Background: Hyperglycemia in critically ill patients has been associated with increased morbidity and mortality. It is unclear to what degree hyperglycemia should be regulated in a mixed surgical population. Study Design: A retrospective chart review of 210 surgical patients in the intensive care unit (ICU) was performed. All patients were placed on an intravenous insulin protocol targeted to a blood glucose (BG) of 80-140 mg/dL. Outcomes were compared between surgical patients with controlled BG levels (80-140 mg/dL) versus uncontrolled levels (>140 mg/dL). Results: The mortality rate of this population was 12%, 5% in the controlled BG group compared with 18% in the uncontrolled BG group (P < 0.01). After adjusting for covariates, the mortality rate of the uncontrolled blood glucose group was significantly greater (OR = 4.8, 95% CI 1.4-20; P = 0.02). The overall hypoglycemic rate was <1%, and was not associated with a higher mortality, P = 0.60. A greater mortality rate was associated with patients who spent a greater time with blood glucose values >181 mg/dL (OR = 1.3, 95% CI 1.1-1.6; P = 0.01). Conclusions: Increased mortality was associated with surgical patients in the uncontrolled blood glucose group compared with patients who were well controlled with insulin therapy. These results are comparable to previous studies and indicate that surgical patients are a population who may benefit from tighter glycemic control. Further investigations through prospective randomized studies are needed to fully evaluate the effects of hyperglycemia in a diverse surgical population as well as specific surgical subspecialties.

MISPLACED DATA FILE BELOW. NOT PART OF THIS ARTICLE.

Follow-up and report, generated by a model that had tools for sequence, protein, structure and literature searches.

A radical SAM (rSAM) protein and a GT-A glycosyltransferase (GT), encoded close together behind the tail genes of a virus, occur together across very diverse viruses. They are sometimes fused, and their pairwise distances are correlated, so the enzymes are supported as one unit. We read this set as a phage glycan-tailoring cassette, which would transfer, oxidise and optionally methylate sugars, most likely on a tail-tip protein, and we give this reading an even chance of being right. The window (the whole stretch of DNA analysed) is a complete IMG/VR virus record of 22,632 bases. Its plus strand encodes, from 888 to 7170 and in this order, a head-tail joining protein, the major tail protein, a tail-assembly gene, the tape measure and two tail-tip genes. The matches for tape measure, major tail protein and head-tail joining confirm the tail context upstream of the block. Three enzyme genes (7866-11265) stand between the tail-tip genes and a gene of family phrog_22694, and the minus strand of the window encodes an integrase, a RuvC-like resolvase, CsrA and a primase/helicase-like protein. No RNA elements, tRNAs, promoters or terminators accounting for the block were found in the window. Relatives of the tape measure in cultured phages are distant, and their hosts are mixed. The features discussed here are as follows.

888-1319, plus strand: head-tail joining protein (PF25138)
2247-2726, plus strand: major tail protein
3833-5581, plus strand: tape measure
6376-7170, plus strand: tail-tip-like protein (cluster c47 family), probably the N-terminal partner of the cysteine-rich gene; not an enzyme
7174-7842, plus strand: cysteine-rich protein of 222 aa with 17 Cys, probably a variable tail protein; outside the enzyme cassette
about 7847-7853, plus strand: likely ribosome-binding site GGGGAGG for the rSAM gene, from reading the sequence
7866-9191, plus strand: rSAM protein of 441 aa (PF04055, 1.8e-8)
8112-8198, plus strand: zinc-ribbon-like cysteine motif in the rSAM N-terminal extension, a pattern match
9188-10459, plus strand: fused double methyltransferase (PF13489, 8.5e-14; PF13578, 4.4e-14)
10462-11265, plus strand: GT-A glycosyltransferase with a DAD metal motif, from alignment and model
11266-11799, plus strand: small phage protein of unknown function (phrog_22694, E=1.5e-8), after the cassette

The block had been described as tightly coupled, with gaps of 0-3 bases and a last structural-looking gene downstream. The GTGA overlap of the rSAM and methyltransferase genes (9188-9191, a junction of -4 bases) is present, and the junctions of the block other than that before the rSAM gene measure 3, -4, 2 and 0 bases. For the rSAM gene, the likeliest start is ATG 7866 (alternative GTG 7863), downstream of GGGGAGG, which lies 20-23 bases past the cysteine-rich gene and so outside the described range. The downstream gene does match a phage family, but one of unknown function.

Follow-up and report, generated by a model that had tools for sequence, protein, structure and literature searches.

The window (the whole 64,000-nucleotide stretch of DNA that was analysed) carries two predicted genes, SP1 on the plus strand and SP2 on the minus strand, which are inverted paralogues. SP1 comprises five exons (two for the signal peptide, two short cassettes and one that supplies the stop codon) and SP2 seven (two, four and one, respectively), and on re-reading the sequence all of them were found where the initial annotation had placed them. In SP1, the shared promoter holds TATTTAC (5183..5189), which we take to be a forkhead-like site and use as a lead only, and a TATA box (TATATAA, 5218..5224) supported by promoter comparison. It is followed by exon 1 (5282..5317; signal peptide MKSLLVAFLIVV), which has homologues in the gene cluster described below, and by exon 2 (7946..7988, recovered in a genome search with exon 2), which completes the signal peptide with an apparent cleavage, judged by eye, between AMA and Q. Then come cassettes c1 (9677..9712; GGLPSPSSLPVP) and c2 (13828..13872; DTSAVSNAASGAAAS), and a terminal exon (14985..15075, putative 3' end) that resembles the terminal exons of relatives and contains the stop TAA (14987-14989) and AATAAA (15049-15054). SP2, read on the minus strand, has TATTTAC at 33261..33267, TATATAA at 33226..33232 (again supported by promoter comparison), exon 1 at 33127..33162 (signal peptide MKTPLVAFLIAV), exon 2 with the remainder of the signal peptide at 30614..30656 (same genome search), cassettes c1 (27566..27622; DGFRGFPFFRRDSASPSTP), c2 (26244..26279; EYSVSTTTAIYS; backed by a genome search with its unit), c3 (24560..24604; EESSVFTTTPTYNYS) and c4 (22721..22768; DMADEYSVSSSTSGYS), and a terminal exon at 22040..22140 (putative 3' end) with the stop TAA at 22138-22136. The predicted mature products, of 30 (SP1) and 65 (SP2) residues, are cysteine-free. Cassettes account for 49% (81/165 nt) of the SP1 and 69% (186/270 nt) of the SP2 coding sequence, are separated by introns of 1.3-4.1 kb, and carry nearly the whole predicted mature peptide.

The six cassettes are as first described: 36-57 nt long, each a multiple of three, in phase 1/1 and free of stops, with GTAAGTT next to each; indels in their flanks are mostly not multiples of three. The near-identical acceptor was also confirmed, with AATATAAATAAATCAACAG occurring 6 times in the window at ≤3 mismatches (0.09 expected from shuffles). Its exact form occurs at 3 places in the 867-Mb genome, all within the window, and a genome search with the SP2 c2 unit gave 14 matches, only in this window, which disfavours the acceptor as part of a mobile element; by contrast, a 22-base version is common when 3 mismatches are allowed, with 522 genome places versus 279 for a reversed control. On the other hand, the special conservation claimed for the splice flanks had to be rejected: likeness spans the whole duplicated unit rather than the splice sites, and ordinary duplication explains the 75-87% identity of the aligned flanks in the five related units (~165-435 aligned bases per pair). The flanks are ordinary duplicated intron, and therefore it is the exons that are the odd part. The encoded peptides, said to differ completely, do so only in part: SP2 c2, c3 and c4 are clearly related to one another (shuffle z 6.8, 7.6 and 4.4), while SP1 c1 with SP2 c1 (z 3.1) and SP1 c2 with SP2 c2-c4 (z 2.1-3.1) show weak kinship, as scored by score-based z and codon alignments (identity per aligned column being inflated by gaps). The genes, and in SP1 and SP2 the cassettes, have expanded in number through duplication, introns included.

- continuous insulin therapy